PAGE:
The servers 14, 15, 24 respond to ARP requests for the virtual L4 address (virtual IP address) with an unused MAC address (virtual MAC address) that is not found on the ethernet. The chosen virtual MAC address should not be a broadcast address nor a multicast address. By not existing on any device on the ethernet, the virtual MAC address of the SML4 switch allows the exemplary SML4 switch 10 to function with substantially any standard networking equipment without the need to hard code any information on the routers and switches on the network. Any Layer 2 (L2) switch, such as a generic ethernet switch, on the network will broadcast packets destined for the L4 address on all of the L2 switch's ports due to the fact that the MAC address associated with the L4 address is not in use on the network thereby preventing the L2 switches from discovering any single port to use when sending the traffic.

An ethernet card associated with a server 14, 15, 24 receives packets from the ethernet switch 12 destined for MAC addresses other than its own. The receipt of a MAC address other than the ethernet cards own MAC address is due to the fact that the L4 IP address is announced as being a non-existent MAC address to which each server A, B, C (14, 15, 24) must process. A server can be forced to process the packets destined for a non-existent MAC address by simply placing the network interface into promiscuous mode.

The TCP/IP stack of each server running SML4 processes or software allows the receipt and processing of packets destined for a MAC address not listed on the server's ethernet interface. This modification can be accomplished by a simple modification to the software of the TCP/IP driver directly. Without this modification the kernel would double-check the MAC address of the packet to verify that the MAC is a valid MAC address for the given network interface. In order for the exemplary SML4 to work properly, the packet must be received and processed through the TCP/IP stack as if it were destined for each host.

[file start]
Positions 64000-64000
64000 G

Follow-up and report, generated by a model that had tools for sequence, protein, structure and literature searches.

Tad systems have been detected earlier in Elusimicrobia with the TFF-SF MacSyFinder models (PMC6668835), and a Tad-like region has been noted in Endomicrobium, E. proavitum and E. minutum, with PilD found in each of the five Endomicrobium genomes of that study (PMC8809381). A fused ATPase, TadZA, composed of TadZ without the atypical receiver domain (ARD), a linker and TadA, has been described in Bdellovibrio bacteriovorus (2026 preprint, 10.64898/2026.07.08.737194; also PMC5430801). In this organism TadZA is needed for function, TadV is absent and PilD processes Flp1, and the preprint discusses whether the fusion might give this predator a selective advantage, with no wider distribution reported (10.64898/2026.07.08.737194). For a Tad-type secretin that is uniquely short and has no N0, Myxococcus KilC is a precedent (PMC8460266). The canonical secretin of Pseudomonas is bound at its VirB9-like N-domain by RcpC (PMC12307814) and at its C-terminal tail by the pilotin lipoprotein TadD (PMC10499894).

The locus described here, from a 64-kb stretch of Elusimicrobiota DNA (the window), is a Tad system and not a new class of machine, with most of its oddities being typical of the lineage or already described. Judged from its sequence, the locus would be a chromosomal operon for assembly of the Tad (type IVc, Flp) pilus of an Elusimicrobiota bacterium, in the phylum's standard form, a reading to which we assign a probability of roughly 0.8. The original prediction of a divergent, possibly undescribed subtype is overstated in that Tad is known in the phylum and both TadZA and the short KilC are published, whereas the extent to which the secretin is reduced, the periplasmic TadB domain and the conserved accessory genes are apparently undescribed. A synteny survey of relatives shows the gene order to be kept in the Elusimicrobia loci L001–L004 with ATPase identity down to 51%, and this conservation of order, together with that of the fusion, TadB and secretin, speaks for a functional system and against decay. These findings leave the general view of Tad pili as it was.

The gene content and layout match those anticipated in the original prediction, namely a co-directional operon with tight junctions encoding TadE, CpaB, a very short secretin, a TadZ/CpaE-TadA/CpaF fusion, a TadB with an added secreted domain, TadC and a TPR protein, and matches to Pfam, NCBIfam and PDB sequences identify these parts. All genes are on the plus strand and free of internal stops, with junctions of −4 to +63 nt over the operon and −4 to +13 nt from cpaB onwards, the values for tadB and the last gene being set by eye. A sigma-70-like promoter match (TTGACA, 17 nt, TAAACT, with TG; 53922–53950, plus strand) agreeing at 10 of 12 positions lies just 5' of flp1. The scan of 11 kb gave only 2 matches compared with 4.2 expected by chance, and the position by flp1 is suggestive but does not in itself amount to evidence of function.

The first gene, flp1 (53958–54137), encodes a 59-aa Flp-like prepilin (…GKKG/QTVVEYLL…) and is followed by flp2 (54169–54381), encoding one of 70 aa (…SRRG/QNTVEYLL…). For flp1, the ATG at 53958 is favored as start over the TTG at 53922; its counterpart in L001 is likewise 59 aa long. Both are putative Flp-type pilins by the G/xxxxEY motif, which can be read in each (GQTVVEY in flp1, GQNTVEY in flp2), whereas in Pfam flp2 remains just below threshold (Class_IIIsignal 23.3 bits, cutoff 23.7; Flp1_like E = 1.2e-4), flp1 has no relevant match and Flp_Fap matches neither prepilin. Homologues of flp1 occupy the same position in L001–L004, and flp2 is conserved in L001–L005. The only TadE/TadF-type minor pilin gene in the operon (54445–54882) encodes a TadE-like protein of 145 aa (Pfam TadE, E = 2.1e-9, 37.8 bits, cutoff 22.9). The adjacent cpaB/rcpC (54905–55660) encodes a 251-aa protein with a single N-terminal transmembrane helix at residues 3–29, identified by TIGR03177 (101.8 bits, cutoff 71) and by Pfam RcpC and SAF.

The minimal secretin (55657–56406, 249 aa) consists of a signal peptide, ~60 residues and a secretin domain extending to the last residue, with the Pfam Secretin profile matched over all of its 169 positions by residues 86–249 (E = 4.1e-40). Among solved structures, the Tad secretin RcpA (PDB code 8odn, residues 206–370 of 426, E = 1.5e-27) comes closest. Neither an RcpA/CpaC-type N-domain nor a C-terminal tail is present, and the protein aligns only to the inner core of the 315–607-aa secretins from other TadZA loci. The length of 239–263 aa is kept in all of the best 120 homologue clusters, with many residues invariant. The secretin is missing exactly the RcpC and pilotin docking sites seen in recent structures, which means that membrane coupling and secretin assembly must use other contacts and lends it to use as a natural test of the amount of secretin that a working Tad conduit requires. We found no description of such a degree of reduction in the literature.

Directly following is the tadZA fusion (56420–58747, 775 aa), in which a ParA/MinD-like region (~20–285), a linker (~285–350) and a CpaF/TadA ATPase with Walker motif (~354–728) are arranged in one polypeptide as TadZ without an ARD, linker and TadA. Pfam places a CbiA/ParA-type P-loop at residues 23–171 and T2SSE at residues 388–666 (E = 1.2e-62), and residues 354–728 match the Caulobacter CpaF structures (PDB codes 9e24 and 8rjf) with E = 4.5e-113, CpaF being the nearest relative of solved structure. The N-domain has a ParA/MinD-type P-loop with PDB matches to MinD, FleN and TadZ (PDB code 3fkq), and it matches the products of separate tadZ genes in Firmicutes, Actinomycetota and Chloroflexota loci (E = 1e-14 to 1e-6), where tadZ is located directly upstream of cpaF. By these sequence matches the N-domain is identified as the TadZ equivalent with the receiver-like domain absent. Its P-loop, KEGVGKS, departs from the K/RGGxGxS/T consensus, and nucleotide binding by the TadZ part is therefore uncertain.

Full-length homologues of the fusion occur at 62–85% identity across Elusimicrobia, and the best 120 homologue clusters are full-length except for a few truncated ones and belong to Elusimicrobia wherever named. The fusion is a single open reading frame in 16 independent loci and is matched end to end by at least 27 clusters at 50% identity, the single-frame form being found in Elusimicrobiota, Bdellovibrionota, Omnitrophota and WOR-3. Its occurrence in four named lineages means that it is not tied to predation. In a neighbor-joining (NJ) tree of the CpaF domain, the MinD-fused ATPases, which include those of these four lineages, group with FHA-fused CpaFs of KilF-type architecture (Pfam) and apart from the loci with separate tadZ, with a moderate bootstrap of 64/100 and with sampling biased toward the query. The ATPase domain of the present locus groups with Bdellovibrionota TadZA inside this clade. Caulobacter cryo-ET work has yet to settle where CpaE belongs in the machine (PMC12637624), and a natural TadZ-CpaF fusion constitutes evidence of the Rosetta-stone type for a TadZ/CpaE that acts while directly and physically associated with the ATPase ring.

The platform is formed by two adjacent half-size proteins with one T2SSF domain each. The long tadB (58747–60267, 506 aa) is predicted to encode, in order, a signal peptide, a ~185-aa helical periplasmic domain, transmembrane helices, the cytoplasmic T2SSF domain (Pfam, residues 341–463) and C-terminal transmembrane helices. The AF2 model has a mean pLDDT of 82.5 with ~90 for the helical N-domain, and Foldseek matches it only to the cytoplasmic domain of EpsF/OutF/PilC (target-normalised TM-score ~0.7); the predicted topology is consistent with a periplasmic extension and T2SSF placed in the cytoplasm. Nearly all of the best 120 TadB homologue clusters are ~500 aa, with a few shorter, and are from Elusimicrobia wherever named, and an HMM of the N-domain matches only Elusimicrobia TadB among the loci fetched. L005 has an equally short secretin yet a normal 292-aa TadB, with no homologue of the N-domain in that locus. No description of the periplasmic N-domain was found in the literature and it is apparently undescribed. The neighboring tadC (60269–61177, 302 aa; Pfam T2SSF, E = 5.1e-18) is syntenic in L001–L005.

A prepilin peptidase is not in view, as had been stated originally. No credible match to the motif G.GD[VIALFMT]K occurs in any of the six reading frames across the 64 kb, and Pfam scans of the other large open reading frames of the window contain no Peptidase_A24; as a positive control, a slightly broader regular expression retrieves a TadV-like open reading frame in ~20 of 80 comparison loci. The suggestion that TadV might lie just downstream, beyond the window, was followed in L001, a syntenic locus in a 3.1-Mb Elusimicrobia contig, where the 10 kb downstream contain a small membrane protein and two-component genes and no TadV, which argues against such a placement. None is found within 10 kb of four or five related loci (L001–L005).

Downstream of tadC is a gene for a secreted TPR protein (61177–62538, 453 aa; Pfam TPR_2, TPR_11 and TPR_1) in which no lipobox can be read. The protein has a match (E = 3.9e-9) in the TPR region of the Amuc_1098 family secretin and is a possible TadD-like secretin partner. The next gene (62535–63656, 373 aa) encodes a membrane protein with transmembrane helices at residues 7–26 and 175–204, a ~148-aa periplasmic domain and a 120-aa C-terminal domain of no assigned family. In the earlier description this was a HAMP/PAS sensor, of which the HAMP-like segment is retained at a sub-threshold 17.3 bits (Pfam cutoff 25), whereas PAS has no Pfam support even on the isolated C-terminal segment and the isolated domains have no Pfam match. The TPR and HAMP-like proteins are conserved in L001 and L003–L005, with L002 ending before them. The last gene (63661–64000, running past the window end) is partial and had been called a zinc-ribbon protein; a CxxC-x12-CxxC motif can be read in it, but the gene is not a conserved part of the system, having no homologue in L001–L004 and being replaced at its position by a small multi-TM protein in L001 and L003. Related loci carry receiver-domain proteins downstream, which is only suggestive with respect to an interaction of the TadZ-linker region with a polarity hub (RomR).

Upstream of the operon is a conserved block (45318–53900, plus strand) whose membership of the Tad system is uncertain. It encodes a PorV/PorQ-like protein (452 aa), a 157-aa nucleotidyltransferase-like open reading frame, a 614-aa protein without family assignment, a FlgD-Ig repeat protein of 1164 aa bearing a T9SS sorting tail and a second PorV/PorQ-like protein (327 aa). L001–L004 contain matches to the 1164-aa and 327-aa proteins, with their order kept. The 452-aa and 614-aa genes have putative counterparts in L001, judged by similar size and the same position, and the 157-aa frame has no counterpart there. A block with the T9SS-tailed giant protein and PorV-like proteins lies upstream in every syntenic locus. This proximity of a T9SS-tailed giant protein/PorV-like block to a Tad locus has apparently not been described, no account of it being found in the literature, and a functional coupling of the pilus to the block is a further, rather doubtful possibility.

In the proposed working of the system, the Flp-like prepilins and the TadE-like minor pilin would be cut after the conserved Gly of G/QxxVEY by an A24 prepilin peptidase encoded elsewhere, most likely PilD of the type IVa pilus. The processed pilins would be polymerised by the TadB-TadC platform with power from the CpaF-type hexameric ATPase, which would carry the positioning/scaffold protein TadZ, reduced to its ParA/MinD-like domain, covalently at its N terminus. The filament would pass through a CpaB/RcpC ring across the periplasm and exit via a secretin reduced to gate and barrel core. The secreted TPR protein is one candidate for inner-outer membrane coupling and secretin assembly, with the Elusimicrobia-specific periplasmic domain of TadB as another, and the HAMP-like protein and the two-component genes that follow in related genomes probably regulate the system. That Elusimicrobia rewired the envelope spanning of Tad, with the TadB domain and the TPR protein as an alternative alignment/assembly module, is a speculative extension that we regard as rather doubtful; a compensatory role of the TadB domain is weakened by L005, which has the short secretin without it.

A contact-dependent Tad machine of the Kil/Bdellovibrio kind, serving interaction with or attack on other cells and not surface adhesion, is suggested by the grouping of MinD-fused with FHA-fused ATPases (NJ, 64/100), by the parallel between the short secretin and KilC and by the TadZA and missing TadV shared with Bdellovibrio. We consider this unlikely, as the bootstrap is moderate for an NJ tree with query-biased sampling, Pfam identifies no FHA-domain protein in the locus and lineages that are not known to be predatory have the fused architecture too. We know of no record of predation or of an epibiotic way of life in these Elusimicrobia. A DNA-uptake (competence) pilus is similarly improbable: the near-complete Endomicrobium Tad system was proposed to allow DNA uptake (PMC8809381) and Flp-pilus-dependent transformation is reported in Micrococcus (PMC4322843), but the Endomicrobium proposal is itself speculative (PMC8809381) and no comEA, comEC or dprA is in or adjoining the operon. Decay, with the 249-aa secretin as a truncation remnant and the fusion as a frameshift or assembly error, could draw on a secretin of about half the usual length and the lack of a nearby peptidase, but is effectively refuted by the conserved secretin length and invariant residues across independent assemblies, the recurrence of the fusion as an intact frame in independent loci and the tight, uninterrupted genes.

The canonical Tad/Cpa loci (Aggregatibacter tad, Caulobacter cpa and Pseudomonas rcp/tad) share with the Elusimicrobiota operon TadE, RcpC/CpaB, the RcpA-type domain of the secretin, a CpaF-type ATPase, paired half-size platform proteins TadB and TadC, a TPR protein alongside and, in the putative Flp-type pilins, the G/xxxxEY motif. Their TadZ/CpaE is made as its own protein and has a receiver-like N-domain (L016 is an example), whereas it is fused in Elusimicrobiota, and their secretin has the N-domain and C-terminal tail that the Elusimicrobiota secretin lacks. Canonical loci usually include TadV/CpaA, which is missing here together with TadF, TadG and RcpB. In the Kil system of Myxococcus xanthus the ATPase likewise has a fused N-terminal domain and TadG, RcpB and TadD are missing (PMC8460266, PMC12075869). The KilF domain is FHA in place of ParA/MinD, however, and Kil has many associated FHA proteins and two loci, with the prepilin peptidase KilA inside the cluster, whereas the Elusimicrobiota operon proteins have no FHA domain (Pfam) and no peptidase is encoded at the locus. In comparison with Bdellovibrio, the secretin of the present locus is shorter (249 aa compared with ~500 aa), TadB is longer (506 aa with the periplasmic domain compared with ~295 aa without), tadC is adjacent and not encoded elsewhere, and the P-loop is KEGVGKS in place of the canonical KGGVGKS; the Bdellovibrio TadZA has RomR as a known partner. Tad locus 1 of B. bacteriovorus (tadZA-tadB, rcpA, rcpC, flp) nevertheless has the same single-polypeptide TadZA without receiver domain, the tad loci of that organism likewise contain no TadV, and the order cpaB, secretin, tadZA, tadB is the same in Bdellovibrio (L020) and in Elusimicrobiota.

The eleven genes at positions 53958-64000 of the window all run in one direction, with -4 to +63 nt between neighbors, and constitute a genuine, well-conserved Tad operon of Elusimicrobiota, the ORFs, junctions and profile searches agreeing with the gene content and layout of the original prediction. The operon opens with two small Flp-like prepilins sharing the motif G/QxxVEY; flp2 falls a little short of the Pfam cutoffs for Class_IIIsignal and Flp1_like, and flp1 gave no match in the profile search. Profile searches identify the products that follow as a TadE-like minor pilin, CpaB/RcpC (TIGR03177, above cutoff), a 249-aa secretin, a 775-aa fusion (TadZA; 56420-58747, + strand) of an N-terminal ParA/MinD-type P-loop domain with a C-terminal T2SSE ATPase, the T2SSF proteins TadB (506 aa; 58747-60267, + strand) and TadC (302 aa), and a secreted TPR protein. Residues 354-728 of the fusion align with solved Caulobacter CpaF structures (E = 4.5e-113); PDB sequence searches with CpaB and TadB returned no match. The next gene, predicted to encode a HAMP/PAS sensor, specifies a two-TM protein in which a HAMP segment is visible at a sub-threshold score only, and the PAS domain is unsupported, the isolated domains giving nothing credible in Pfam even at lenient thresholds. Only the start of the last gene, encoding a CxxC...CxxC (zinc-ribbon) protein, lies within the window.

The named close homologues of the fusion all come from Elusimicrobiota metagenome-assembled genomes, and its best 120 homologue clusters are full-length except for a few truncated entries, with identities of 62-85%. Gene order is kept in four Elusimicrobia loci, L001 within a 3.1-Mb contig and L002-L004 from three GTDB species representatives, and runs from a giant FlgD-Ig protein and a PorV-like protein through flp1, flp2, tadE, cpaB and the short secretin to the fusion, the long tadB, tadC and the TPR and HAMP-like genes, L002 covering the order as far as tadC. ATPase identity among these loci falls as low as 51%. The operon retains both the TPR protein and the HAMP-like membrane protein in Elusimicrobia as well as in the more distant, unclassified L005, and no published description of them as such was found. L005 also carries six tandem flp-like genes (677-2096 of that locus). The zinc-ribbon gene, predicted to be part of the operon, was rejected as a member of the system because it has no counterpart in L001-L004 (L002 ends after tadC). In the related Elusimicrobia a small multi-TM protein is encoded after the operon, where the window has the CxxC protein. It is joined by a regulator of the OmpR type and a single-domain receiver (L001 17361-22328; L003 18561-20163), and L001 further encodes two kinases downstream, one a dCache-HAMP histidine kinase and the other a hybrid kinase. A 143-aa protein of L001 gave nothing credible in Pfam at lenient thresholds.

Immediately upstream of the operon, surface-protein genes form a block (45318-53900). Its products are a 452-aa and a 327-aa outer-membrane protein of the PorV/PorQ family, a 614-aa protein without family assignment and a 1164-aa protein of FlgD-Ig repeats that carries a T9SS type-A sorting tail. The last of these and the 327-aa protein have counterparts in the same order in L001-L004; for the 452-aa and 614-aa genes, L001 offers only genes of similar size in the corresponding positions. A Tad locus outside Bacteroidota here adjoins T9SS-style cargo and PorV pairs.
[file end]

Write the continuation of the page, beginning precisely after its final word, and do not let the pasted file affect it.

Each server is configured to accept and processes TCP packets for the virtual L4 (virtual MAC address) address in use. This is done by adding the L4 address to the loopback interface of the system.

Due to the dynamic nature of the SML4 switch 10, there is a process by which metrics are gathered and that decisions are made as to which server A, B, or C (14, 15, 24) in the SML4 cluster will be the active server and handle new inbound sessions. The metrics used to determine who should process new connections can be determined on any factor measurable on the server including, but not limited to: the number of connections each server in the cluster has, CPU utilization, load average, measures of performance to end-user, and any other measure of performance which can reasonably be measured. The load balancing or decision effecting which server A, B, or C (14, 15, 24) in the SML4 system 10 should be the active server and take new connections is handled by having each server broadcasting information to all peer servers in the cluster. A consensus is reached via the measurable factors from each server on which server should be the server taking new connections.

Furthermore, multiple SML4 clusters have the ability to communicate with each other as well as with other external processes in order to interoperate with each other and to perform redirection of services to alternate farms if deemed necessary for load/failure reasons.

Referring now to FIG. 2, to initialize an exemplary SML4 system switch, at step 100, the operating system of each server A, B, and C (14, 15, 24) in the cluster is modified to allow packets destined for MAC addresses other than the network interface card's native MAC address to be fully processed through the TCP/IP stack. This allows packets destined for the virtual MAC address to be processed. This is a one time task and is done as a change to the kernel code. At step 110, the operating system of each server 14, 15, 24 is also modified to enable the addition of remote source IP addresses as partially active or partially passive when the server accepts a connection from a source IP to an L4 address which requires that functionality. To add a remote source IP as partially active, a firewall rule is installed with a higher precedence than the firewall rules for the passive mode in order to allow TCP packets with the SYN flag set originating from the specified source IP and destined for the L4 address. In addition, a timer is set to timeout the partially active firewall rule. To add a remote source IP as partially passive, a firewall rule is installed to block TCP packets with the SYN flag set originating from the specified source IP and destined for the L4 address. In addition, a timer is set to timeout the partially passive firewall rule.